How to Prevent a Balcony Collapse

In the city where I live, there’s been a ton of balcony collapses in the past 15 years or so. You might say it’s a little pandemic here in the city. One reason why this is happening is because building owners notice that balconies need to be repaired, but the contractor they hire doesn’t always do the best job (or building owners don’t even notice that repair is needed).

Concrete footings

Nice, newly poured concrete footings… a thing of beauty

For example….

I just finished a job on this 6-story tall apartment building in the city. The balconies are all open-air, and they all cantilever. So there’s these 6”x6” posts that run the entire length of the building and those posts are for the balconies to attach onto.

The balconies were originally built properly—6”x6” posts for balcony support is just fine. But after many years, the concrete holding the posts into the ground starts to crumble.

I remember as a kid helping my dad put up our basketball hoop. We dug this big, deep hole in the ground, put the basketball hoop pole in it, and filled the hole with concrete. When the concrete dried, our basketball hoop was set and wouldn’t going anywhere. Same concept for these balcony posts.

So the building owner noticed the crumbling concrete and called a contractor in to re-pour the concrete footings, as they’re called.

So what happened? The contractors came in and poured a skim coat of concrete over the top of the footings. Not cool, not cool. That does nothing to fix the problem, nothing. It’s like if you break a bone and it’s sticking out of your skin and the doctor gives you a pat on the back. That really does nothing to fix the problem!

A skim coat of concrete might make it look better, but the concrete beneath, the concrete that’s holding those balcony posts up, is still crumbling and still unsafe.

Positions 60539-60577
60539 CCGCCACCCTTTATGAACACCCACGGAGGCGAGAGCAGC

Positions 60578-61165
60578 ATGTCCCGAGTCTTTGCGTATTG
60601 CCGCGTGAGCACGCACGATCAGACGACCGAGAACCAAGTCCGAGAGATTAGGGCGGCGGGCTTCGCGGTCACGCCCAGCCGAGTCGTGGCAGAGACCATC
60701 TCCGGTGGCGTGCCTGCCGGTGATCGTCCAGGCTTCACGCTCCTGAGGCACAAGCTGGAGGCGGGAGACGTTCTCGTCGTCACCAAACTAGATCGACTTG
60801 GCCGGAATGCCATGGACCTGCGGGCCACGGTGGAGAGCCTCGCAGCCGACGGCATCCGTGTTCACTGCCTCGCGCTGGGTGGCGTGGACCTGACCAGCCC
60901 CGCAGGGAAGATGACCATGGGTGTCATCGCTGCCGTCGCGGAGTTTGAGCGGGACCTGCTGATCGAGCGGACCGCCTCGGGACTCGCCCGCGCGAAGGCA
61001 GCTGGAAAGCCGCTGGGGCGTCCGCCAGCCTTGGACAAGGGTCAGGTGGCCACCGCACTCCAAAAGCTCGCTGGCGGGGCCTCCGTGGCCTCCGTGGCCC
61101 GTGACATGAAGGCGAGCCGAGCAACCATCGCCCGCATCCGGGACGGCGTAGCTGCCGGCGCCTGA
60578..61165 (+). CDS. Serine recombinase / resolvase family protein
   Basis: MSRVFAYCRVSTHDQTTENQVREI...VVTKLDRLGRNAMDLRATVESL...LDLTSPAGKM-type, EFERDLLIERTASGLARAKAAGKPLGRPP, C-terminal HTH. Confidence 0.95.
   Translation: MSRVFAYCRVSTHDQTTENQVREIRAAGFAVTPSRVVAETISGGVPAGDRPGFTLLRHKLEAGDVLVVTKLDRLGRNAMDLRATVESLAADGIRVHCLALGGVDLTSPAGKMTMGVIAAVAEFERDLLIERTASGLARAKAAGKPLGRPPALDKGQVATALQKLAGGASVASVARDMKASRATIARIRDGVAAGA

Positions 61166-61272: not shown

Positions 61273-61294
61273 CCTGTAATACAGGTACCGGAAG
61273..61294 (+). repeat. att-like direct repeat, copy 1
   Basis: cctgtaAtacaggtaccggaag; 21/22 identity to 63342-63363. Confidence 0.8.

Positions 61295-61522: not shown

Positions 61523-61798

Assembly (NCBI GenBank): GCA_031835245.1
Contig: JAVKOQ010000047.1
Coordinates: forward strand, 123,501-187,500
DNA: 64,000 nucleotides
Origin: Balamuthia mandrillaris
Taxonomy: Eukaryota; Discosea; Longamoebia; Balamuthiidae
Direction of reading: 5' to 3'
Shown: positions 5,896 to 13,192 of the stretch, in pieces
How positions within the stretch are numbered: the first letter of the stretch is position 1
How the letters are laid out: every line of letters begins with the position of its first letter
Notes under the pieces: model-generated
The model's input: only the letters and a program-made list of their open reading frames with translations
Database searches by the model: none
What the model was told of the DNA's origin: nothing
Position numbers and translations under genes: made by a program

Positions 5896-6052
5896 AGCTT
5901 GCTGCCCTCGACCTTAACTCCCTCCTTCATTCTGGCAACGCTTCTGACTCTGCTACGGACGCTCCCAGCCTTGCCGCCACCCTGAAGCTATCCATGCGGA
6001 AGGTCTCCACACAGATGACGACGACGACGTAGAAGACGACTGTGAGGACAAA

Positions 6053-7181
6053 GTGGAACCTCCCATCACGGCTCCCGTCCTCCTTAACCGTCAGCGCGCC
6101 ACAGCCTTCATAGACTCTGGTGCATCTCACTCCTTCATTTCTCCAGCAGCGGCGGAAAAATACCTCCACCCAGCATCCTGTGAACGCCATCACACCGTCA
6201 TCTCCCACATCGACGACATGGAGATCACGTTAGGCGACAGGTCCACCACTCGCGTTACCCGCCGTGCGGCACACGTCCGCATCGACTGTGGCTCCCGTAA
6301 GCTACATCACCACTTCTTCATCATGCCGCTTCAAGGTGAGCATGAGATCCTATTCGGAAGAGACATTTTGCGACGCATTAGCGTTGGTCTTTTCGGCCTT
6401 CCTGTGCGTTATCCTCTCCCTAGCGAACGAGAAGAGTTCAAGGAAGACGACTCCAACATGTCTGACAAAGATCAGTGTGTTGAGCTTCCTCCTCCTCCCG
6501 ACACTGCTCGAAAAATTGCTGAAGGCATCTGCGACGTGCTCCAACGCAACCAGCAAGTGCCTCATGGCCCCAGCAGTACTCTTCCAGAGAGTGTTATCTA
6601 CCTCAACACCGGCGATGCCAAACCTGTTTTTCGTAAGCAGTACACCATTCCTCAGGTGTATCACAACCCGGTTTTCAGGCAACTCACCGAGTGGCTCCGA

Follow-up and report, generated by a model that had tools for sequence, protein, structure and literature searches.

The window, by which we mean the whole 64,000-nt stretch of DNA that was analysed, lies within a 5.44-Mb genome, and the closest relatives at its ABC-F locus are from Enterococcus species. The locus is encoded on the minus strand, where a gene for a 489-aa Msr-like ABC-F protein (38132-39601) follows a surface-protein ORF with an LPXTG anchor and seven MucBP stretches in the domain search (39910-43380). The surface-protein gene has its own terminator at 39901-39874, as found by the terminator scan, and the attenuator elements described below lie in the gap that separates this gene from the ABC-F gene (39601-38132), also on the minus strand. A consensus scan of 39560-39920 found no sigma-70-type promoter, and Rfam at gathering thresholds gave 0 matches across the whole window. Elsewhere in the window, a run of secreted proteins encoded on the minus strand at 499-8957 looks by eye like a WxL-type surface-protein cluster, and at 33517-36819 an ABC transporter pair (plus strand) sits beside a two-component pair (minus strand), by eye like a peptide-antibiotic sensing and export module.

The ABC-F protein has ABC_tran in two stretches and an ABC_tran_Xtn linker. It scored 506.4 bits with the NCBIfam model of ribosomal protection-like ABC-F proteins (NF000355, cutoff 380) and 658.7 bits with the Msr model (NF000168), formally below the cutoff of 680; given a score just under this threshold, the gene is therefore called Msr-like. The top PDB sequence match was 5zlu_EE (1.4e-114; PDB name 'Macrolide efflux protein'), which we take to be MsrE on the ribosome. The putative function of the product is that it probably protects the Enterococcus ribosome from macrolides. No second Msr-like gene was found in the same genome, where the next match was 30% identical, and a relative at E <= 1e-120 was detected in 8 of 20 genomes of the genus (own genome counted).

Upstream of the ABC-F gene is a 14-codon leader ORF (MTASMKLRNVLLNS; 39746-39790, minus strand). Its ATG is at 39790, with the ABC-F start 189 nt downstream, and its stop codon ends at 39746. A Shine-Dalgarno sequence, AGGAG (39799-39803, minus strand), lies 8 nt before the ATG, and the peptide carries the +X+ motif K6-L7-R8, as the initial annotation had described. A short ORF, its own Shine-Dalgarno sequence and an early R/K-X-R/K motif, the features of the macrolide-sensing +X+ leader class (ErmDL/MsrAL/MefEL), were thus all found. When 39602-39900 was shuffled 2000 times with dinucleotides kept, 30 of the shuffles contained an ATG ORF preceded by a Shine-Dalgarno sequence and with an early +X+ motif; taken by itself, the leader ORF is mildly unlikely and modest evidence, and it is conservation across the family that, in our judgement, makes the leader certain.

Concrete footing

Give that concrete a tap — does it sound hollow or solid?

Entirely new concrete footings need to be poured to fix the problem. And so when my company got called to fix the problem for real (smart building owner knew it wasn’t done right!), I had to dig down and chip through ½ foot of concrete, jack up the entire balcony, and pour new footings in. I also put new metal braces on to connect the posts to the balconies.

So how do you know if your balcony is doomed?

  1. If your balcony is held up by posts that are held firm by a concrete footing at the bottom, you should give that concrete a tap. If the concrete sounds hollow, you’re in trouble. A few swings of the hammer and that concrete would break up…not cool.  A hollow sound means that the concrete is doing almost nothing to support that balcony. If you hear a solid sound, that’s good. That means you’re set.
  2. If the concrete footing around your balcony is visibly crumbling, you need to have that re-poured right away.
  3. And more obviously, if you stand on your balcony and it’s rickety or shaking, you probably will want to (A) get off the balcony (duh), and (B) check brackets, braces, screws, and footings.

 


Comments

How to Prevent a Balcony Collapse — 28 Comments

    • I completely agree — sometimes I can’t decide if they honestly just weren’t properly trained, or whether they’re honestly staking people’s lives on saving a couple bucks.

    • I think for fence posts it really depends on the situation. There are fences where concrete would be a waste, but other times it seems appropriate! It’s funny our dads both went full-out with the basketball hoops and the concrete pouring — makes for solid stuff though. :-)